How not to be a Crotchety Old Person
While these suggestions can’t make you any younger, they can be a tremendously effective immunization against the dreaded and highly contagious old-and-crotchety persona. I’m tackling this one from an outsider’s perspective (the etic view, for my anthropologist friends). And yes, I am aware that I, too, will be “old” someday, so this list is for my own personal future reference as much as anything.
1. Don’t complain about getting old. Discuss your aches and pains with your doctor, and your bingo group if you must. Resist disclosing details of a highly personal and sensitive nature to friends and family over dinner, or to random members of the general public within earshot at any time. Especially if colonoscopies, enemas, or flaky skin conditions are involved.
More importantly, the more you talk about being old, the more you increase the chance that people will think of you as “an old fart.” They’re not trying to. It’s just one of those persistent nuisances of the human psyche, that our mental associations with certain topics tend to stick to whomever we hear discuss them the most often.
Instead, act nonchalant as much as you can. Don’t bring up the topic of old age. If someone else does, pretend like the thought had never occurred to you. (Yes, even when your bunions are acting up.)
2. Don’t complain about the evils of today’s young people. You were just as evil back in the day with your hot rod cars and swing dances, you whippersnapper you.
Besides, young people of any generation who go astray (and I don’t mean testing-the-limits teenager stuff, but, like, seriously off the rails) generally do so in large part because their elders have failed them. Kids don’t just absorb the important lessons of life through osmosis. Someone has to teach and model good values. The key is, it has to be done with consistency and without condemnation. If the older generation disapproves of how today’s young people have “turned out”, it may be worth taking a collective look in the mirror.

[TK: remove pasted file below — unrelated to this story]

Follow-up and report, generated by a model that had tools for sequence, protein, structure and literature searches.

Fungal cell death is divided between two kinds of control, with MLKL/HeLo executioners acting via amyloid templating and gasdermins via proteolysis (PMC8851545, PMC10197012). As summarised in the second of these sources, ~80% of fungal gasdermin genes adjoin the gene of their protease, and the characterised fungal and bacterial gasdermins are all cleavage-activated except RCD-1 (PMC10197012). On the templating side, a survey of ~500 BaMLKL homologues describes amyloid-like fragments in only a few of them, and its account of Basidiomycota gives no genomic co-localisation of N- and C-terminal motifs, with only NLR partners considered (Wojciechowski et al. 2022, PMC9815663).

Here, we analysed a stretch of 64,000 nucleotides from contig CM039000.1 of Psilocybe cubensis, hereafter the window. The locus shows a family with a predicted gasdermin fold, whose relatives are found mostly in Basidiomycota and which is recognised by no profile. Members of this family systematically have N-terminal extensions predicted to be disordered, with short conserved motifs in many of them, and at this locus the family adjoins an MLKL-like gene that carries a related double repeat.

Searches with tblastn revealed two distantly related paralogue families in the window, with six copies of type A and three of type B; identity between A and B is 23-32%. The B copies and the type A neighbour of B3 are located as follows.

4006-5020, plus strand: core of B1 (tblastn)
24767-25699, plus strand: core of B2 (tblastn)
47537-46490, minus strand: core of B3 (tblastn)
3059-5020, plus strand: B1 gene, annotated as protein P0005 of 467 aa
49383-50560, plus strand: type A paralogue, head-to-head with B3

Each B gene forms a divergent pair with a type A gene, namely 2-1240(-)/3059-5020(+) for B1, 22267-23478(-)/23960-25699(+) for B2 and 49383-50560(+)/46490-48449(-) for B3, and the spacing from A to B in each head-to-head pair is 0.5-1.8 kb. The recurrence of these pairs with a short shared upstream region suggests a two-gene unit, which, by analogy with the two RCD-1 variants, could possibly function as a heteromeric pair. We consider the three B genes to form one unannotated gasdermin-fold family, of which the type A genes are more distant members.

Even better, find a kid or a young adult whom you can help and encourage. Believe me, this will make a huge impression on them, even if they don’t let on. I’m over thirty years old, and I can still remember the older adults who took an interest in me, paid me honest compliments, and went out of their way to be nice to me when I was just five or six. I also remember the ones who humiliated, belittled, criticized, and judged me. However you treat a young person, whether well or poorly, they’ll never forget it.
3. Don’t tell hard luck stories. Especially not of the stereotypically embellished and exaggerated “me and my nine siblings walked barefoot to school in the snow for five miles, uphill both ways, and ate dirt for lunch, and it wasn’t even warmed-up dirt, we had to eat it cold, but we were thankful for it and we didn’t complain” variety. It may elicit some pity, but what self-respecting person really wants to be pitied? This won’t resonate with a young audience anyway, since they have no frame of reference from which to relate to such a tale. Their world is completely unlike yours.
4. Try new things. This will stimulate neural pathways, which is good for your brain. It will also keep people from telling you that “you can’t teach an old dog new tricks.” Go ahead, prove them wrong. Do you really want to let them call you a dog, anyway?